As children, the importance of friendship is hammered into us, almost all children-centric media relies on the “power of friendship”. We are taught how to make friends and the social importance of friendship, but for all the lessons on friendships we are taught as children, we are not taught how to effectively deal with the inevitable end of friendships. Though children are given free rein to be emotionally raw about the relationship ending, they are still expected to get over it with little to no guidance. As we get older, film, music and almost all forms of media focus on romance and dealing with the fallout of heartbreak is something you almost can’t escape and while there has been an increasingly more focus on friendship in media, the hurt that comes with the ending over a friendship is almost never dealt with.
Friendship breakups can be just as or even more unexpected and hurtful as romantic breakups because unlike romantic relationships which always have a chance of failure, we don’t like to entertain the option that a friendship will end. However, because of how little importance friendship is given in our society, the pain of friendship breakups often goes overlooked. When a friendship ends you don’t get the same support you would with a romantic breakup and are expected to get over it almost immediately. It is socially acceptable and even encouraged for someone to openly mourn the end of a romantic relationship for months or even years but is seen as juvenile if you have the same energy towards the end of a friendship.
Losing a friend is something that happens to everyone, whether as a result of an argument or just drifting apart naturally. It is something that is almost inevitable but most are underequipped to deal with it. Here are a few tips that will help in moving on from a broken friendship.
Let yourself grieve
When a friendship ends it may be tempting to brush it off and go on acting like everything is okay but it is important to admit to yourself that it’s not. It may feel ridiculous to grieve the end of a friendship but the loss of any significant relationship can be distressing and leave a small void. Holding in and denying your feelings is counterproductive in any form of healing so it’s necessary to admit to yourself how important the relationship was to you and to understand the strong emotions that you are feeling are normal.
Do not let yourself ruminate
It’s easy to find ourselves consumed with what the other person is doing at all times. We can find ourselves becoming obsessive and in our modern society with people posting their every move on social media it’s easy to keep up with an ex-friend. Unfortunately, this behaviour will not help you move on and will only add to the sadness you feel watching them live their life without you seemingly unbothered. While you may not need to completely erase them from your life as though they were never a part of it, if you find yourself compulsively social media stalking an ex-friend it can be helpful to block yourself from seeing their posts for as long as necessary until you can look at it without going into a spiral.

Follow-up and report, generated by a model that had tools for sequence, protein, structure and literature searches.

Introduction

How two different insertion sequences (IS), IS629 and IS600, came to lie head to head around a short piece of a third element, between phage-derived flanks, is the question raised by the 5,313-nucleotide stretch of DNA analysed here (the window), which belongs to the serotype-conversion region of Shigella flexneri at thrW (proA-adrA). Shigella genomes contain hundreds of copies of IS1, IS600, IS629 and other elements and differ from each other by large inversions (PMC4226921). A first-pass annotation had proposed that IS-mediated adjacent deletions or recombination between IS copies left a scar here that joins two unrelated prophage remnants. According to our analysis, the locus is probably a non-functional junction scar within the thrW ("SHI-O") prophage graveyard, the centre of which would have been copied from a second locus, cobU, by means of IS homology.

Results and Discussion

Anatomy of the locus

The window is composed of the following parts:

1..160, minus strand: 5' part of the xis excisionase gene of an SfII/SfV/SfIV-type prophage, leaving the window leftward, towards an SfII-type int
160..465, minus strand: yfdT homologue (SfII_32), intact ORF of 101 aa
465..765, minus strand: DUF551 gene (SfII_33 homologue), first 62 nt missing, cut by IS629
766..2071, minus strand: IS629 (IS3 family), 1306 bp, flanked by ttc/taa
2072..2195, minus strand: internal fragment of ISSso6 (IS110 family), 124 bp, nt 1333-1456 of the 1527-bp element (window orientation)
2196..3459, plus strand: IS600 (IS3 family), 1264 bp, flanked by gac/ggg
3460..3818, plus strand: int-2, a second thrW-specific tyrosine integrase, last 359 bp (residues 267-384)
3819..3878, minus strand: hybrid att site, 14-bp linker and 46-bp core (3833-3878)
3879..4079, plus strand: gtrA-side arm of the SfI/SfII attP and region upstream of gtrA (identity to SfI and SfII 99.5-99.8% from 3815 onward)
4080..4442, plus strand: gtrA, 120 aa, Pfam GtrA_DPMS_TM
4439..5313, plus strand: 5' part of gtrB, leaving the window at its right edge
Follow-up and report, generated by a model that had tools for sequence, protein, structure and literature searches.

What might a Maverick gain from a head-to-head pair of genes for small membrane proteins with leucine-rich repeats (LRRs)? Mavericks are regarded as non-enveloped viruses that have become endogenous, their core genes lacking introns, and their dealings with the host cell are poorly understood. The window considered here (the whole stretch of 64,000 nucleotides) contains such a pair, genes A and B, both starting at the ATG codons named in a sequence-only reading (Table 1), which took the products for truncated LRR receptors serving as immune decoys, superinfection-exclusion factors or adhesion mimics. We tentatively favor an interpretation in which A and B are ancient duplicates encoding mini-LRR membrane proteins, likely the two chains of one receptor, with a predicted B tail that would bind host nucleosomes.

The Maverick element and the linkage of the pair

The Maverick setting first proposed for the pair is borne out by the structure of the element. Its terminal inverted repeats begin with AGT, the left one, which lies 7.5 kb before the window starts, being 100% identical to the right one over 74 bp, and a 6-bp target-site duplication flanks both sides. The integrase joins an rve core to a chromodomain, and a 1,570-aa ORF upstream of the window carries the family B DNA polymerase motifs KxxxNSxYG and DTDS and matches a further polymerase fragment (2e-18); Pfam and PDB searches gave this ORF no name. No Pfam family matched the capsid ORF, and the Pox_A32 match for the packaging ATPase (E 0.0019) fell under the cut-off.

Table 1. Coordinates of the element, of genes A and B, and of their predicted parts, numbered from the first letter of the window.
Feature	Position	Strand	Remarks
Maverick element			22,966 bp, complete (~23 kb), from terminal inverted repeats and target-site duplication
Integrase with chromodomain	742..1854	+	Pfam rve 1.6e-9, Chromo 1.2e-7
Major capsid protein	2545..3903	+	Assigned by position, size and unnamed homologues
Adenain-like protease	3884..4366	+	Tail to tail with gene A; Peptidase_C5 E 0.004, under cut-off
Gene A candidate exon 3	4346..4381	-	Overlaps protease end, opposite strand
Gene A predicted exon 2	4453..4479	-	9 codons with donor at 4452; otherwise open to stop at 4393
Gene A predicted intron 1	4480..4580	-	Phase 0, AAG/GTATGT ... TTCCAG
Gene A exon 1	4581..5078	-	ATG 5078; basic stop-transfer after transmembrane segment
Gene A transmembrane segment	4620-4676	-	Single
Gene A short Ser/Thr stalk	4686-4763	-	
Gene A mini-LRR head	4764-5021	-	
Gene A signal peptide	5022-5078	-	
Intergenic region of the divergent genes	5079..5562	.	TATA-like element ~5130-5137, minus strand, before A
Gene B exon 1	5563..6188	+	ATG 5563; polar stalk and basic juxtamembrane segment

Talk it through
Exposing your vulnerabilities is never easy, especially when it comes to something that is hardly talked about. However, during any time of emotional distress, it’s always helpful to talk to someone about how you’re feeling. Whether you decide to speak to a family, your therapist or other friends, having a conversation about how you feel can be liberating and help yourself remember that you are not alone and are surrounded by people who still care about you.
Meet new people
Although the last thing you might want to do when a friendship ends is to go trolling for new friends, socializing with new people can be extremely helpful to help you get out of a rut. Branching out and talking to new people can also be incredibly beneficial if the relationship ended as a result of you both growing as people.
Evaluate why it ended
There are many reasons friendships end, some less dramatic than others. Whether the fault was with one person or both it can be helpful to root out the problem so you can have healthier relationships in the future. If looking back on the relationship you realize that some of the issues that affected the relationship were because of insensitive behaviour that you put up with, then creating and maintaining boundaries in new friendships will be the best cause of action to protect yourself. If it seems to be a recurring issue where your relationships keep ending in the same pattern then talking to someone to help work through these issues will help you in the long run.
You May Not be the Victim
No one wants to be wrong and it’s human nature to convince ourselves that we are in the right. So, when a friendship ends it is common to place all the blame on the other party ignoring the part, we most likely played in the relationship ending. Unless you’ve been trapped in a truly abusive or toxic situation, odds are you weren’t the perfect friend. It can be helpful to accept unhealthy behaviour that we have in order to unlearn them and be better friends in the future.